Archive - Jun 2008
By CYRUS LEVESQUE
ADDISON COUNTY — A proposed increase in the number of muzzle-loading permits issued for antlerless deer will affect some parts of the state a lot more than others. In Bennington County, the number of permits issued may increase by more than six times if the current proposal remains unchanged, but the impact will probably be much smaller in Addison County.
Richard Phillips, owner of Vermont Field Sports in Middlebury, said that the proposed change hasn’t earned much attention in the Addison County area. “I haven’t heard anybody hollering about it yet in the store,” Phillips said. “I don’t think it’ll do much in Addison County, really.”
The Vermont Fish & Wildlife Department Board is considering issuing almost twice as many antlerless deer permits for the coming hunting season as were issued in 2007. The 14-member board of the department gave preliminary approval to issue 22,050 permits in an April vote. Last year, the department issued only 11,050 permits for antlerless deer during the nine-day muzzleloader season.
The board met again yesterday, and the final decision on any increase will probably not be made until August, according to Claude Rainville of Lincoln, Addison County’s representative to the board. Rainville emphasized that the decision wasn’t final and there would be chances for public input. “It’s a lengthy process,” he said.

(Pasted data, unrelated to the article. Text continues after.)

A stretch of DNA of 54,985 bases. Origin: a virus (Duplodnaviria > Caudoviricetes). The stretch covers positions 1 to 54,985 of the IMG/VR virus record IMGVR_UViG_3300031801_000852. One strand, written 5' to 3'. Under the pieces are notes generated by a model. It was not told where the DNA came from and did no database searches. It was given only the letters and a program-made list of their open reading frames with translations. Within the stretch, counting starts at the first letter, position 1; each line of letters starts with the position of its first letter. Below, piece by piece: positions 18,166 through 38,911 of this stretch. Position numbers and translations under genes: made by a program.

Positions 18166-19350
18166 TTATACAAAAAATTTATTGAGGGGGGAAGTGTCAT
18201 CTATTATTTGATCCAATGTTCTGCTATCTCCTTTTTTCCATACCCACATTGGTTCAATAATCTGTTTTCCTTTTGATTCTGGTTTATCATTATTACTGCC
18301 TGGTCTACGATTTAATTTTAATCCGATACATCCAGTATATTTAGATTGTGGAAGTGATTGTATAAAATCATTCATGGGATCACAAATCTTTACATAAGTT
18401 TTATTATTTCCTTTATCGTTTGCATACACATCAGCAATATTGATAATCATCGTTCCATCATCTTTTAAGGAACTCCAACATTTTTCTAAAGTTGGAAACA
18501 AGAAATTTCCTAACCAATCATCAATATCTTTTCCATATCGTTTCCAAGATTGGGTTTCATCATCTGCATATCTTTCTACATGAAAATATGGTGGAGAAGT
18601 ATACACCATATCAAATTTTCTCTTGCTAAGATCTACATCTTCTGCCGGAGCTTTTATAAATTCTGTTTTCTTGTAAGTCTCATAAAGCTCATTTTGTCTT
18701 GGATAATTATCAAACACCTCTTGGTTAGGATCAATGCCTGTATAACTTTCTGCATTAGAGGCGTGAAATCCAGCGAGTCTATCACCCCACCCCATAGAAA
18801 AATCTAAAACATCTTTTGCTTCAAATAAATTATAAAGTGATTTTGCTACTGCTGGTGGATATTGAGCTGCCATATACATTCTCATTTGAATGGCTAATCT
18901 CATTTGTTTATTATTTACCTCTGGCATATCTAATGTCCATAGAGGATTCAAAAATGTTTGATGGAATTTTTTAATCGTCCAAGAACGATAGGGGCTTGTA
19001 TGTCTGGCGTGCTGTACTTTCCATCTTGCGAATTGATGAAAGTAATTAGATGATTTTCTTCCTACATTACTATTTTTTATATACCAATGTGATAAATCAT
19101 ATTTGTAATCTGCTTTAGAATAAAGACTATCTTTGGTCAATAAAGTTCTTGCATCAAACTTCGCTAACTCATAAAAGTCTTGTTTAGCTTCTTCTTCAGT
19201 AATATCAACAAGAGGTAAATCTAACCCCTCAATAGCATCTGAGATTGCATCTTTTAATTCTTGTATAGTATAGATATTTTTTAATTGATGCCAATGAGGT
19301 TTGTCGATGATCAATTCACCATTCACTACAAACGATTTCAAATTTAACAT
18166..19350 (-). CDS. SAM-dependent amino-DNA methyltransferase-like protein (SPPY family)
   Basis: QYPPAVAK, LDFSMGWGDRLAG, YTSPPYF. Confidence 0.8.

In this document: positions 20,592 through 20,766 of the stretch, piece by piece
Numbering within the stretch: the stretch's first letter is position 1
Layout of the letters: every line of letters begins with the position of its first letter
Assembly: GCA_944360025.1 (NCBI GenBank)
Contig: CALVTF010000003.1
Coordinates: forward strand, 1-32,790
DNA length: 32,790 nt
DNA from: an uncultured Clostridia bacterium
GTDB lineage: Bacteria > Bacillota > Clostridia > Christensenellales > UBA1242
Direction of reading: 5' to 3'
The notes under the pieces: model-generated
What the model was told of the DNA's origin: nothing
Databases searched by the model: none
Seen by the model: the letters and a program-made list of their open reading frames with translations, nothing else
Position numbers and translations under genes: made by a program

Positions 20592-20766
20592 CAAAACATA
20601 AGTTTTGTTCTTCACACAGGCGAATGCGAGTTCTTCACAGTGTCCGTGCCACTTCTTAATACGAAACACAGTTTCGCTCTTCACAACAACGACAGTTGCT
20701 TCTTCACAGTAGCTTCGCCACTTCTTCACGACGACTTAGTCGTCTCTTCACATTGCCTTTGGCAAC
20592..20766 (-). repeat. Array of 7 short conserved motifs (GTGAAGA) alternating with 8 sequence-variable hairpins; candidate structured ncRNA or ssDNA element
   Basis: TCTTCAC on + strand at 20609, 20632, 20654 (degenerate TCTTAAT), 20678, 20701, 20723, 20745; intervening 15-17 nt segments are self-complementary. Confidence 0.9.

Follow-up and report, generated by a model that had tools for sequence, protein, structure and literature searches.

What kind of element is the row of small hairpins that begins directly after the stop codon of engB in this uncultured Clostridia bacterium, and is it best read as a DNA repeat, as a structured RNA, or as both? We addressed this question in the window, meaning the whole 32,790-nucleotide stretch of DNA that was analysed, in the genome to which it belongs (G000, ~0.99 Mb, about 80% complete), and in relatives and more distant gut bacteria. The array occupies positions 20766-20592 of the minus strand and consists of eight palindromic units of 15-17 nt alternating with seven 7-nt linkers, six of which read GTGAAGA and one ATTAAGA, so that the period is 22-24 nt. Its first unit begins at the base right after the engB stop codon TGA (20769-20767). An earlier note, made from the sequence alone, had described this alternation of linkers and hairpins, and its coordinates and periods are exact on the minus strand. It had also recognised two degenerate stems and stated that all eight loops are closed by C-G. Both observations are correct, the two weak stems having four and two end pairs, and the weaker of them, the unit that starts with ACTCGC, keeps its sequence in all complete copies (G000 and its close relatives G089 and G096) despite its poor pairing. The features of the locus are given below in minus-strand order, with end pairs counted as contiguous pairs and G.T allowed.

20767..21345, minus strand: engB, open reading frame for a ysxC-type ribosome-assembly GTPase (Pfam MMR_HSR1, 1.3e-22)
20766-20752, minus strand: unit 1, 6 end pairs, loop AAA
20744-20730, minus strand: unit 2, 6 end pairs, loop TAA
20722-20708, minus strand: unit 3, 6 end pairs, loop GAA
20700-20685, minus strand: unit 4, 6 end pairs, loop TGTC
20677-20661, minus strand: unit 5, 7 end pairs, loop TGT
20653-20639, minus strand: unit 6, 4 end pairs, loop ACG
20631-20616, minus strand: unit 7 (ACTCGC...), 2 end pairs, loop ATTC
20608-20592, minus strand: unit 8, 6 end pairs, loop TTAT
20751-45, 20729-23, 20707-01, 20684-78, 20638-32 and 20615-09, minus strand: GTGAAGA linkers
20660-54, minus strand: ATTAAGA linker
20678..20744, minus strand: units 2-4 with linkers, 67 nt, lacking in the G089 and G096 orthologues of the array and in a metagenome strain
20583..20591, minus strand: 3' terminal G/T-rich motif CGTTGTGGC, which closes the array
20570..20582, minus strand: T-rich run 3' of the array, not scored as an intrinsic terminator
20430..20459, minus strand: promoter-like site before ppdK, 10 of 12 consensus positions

Public hearings in Lyndonville and Rutland are planned on the issue. The Rutland hearing is scheduled for 7 p.m. on Tuesday, July 1, at the cafeteria of the Rutland Middle School at 67 Library Ave.
The board is considering the increase to control the size of the state’s deer herd, which has apparently grown quickly in recent years. “We can’t let the deer destroy their own habitat because of overpopulation,” Rainville said.
An unusually heavy rainfall in Ripton on Saturday night washed out major parts of the North Branch Road, the Dugway and many private drives, as well as the a bridge on the North Branch Road, stranding at least four families. Crews from Ripton and Middlebury, as well as numerous residents and volunteers, are working on repairs that likely will total in the hundreds of thousands of dollars, if not more.
Many readers sent photos of the damage they observed in Ripton, more photos than we could include in our print edition. Here is a smattering of some of the photos.
By CYRUS LEVESQUE
NEW HAVEN — After several years of planning, and a few false starts, a new town hall may be in store for New Haven. On July 1, town residents will vote on a proposal to float a $594,000 bond for new town offices and a library. A special town meeting is scheduled for June 30 at 7 p.m. in the town hall to discuss the bond proposal with a vote by Australian ballot on the next day.
If the bond passes, the new community building would be built on the site of the Dana-King House. The historic King House, which now neighbors the town hall on North Street, was sold to New Haven resident Tim Goyette on May 6 for $500 with the condition that the house be moved off the site.